Human interventions in marine ecosystems over the last decades have put oceans and coasts on unsustainable trajectories. Numerous factors contribute to the poor state of the marine environment, including overfishing, onshore and offshore pollution, climate change, and the increasing demand for diverse marine resources. Under the United Nations Convention on the Law of the Sea (UNCLOS), the management of human activities is pursued through a fragmented institutional system, making it difficult to ensure that marine resources are used sustainably. Most notable among the various gaps in the legal system is the lack of a comprehensive international agreement for the protection and sustainable use of marine biodiversity in areas beyond national jurisdiction (ABNJ), which cover almost 60% of the world’s oceans.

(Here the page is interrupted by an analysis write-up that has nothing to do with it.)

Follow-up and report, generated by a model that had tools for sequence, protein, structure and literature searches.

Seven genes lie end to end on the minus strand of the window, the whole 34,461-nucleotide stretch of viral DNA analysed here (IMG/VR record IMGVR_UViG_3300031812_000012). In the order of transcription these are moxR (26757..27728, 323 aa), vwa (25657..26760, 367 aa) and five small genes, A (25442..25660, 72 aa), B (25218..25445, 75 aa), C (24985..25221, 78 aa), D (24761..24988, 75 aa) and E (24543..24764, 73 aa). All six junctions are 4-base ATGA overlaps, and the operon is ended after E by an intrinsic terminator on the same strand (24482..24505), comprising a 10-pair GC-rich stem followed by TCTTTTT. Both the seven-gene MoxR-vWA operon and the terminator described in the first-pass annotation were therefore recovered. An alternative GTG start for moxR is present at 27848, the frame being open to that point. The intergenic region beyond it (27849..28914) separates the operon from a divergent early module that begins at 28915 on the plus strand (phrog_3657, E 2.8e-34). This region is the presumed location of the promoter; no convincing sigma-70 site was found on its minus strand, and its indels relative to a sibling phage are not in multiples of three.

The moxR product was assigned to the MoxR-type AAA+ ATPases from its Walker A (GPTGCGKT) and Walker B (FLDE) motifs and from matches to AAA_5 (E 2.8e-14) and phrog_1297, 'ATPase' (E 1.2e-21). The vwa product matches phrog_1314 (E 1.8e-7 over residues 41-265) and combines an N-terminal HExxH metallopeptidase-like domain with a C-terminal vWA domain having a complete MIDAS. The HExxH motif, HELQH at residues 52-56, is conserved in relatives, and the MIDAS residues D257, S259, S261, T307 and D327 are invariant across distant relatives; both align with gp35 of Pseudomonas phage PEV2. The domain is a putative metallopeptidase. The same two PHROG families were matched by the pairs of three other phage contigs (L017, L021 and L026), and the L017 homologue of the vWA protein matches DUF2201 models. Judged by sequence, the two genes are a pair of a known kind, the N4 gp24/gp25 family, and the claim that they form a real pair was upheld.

Achieving ocean sustainability requires far-reaching changes in ocean governance and the use of marine resources. With many of the drivers of ocean degradation beyond the purview of marine management institutions, this will require not only greater integration within governance but also in relation to other sustainability policies and frameworks, touching on matters as diverse as employment, food security, sustainable consumption and production and climate action. While UNCLOS provides a comprehensive legal framework for the oceans, it is becoming increasingly clear that current governance frameworks must be revamped if we are to achieve ocean sustainability.